This is deliberate: the Times doesn’t want to lose the relevance that comes from being linked. But it also wants money, which it won’t get if you—legitimately, by its own design—read it mostly through social media and other linkers. In the eyes of the Times and its defenders, in other words, there is a certain level of reading for free that becomes freeloading. But it will deliberately not say what that is.

via The NY Times Paywall Goes Up. When Is It Immoral to Go Around It? – Tuned In – TIME.com.

RIP, Elizabeth Taylor, icons, science:  Rest in Peace, Elizabeth Taylor … but to think your gorgeous eyes were a genetic mutation.

Elizabeth Taylor wasn’t one for understatement: she had eight marriages, two Oscars, and she was a bold pioneer in AIDS activism. And let’s not forget those captivating violet eyes. Now, according to Slate’s Brow Beat blog, Taylor’s large, liquid eyes had the unusual benefit of a genetic mutation, one that left her with a double row of eyelashes.

via Were Elizabeth Taylor’s Double Eyelashes Linked with Her Heart Failure? – TIME Healthland.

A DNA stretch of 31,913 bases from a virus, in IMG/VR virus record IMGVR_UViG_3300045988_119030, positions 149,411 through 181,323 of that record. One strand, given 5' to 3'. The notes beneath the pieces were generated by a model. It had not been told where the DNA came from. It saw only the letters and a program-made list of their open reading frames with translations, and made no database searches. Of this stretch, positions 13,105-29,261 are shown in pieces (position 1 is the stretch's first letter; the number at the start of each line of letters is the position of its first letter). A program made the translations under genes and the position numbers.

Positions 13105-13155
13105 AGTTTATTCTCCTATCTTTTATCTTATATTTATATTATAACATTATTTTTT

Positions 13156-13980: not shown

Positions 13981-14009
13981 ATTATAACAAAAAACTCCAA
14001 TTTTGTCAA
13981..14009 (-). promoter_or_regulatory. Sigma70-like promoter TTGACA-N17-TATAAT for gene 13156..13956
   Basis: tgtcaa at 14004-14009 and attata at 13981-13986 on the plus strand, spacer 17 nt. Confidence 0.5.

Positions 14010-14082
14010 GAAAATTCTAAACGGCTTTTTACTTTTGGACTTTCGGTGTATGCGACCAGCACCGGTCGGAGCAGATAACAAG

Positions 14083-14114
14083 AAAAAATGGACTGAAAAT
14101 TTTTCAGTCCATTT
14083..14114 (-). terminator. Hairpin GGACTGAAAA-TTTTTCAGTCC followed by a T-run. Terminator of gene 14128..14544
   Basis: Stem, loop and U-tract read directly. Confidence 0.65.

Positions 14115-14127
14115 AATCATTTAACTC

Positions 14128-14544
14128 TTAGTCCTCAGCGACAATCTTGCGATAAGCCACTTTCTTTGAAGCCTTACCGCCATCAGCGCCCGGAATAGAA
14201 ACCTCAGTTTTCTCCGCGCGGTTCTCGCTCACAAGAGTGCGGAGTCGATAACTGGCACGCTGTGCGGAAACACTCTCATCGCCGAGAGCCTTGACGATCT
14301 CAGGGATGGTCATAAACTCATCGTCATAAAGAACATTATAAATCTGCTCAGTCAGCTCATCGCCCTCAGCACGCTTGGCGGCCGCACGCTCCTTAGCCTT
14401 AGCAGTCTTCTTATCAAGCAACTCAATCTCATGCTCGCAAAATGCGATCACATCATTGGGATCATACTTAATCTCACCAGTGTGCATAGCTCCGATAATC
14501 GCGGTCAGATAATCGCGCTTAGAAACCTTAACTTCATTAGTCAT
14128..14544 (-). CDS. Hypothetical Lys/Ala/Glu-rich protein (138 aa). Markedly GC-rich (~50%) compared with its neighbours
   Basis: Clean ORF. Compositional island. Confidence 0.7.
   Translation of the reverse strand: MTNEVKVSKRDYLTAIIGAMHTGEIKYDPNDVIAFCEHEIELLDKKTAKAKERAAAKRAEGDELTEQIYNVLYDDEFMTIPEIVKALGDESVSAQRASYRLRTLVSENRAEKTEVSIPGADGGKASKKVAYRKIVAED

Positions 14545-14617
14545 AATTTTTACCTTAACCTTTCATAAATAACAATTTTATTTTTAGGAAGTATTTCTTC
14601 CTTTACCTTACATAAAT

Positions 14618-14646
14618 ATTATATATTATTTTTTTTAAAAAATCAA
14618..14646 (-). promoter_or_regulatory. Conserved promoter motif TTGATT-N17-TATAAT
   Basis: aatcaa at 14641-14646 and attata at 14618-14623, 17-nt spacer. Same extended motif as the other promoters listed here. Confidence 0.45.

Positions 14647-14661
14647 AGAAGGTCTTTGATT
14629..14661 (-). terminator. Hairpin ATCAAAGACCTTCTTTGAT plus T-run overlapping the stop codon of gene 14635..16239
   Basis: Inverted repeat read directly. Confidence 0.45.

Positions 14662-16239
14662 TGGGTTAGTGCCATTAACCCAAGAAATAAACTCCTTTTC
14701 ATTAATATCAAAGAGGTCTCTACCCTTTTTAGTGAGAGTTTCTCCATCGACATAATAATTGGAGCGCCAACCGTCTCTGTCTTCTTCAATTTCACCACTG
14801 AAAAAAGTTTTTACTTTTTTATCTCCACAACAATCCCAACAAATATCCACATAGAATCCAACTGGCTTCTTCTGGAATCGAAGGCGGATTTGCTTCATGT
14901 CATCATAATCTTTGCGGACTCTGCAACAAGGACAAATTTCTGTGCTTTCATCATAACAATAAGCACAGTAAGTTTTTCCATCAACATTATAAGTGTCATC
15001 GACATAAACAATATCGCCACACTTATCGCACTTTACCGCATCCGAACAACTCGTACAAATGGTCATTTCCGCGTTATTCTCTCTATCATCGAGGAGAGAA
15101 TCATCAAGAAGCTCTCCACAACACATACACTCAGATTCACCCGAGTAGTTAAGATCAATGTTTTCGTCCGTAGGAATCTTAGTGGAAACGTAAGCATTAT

RIP, Harry & David:  What … no more Christmas pears!!

Harry & David, the purveyor of fruit-filled gift baskets, filed for bankruptcy protection on Monday morning as part of an effort to reorganize its troubled finances.

The company filed what is known as a “prearranged” Chapter 11 plan in Delaware bankruptcy court, under which bondholders would take over by converting their debt holdings into equity.

via Harry & David to File for Bankruptcy – NYTimes.com.

twitter, lists:  Who do you follow … I follow the NYT … to get around the paywall!

TIME picks the 140 Twitter feeds that are shaping the conversation.

via Full List – 140 Best Twitter Feeds – TIME.

DC, Politics and Prose, Resurrections: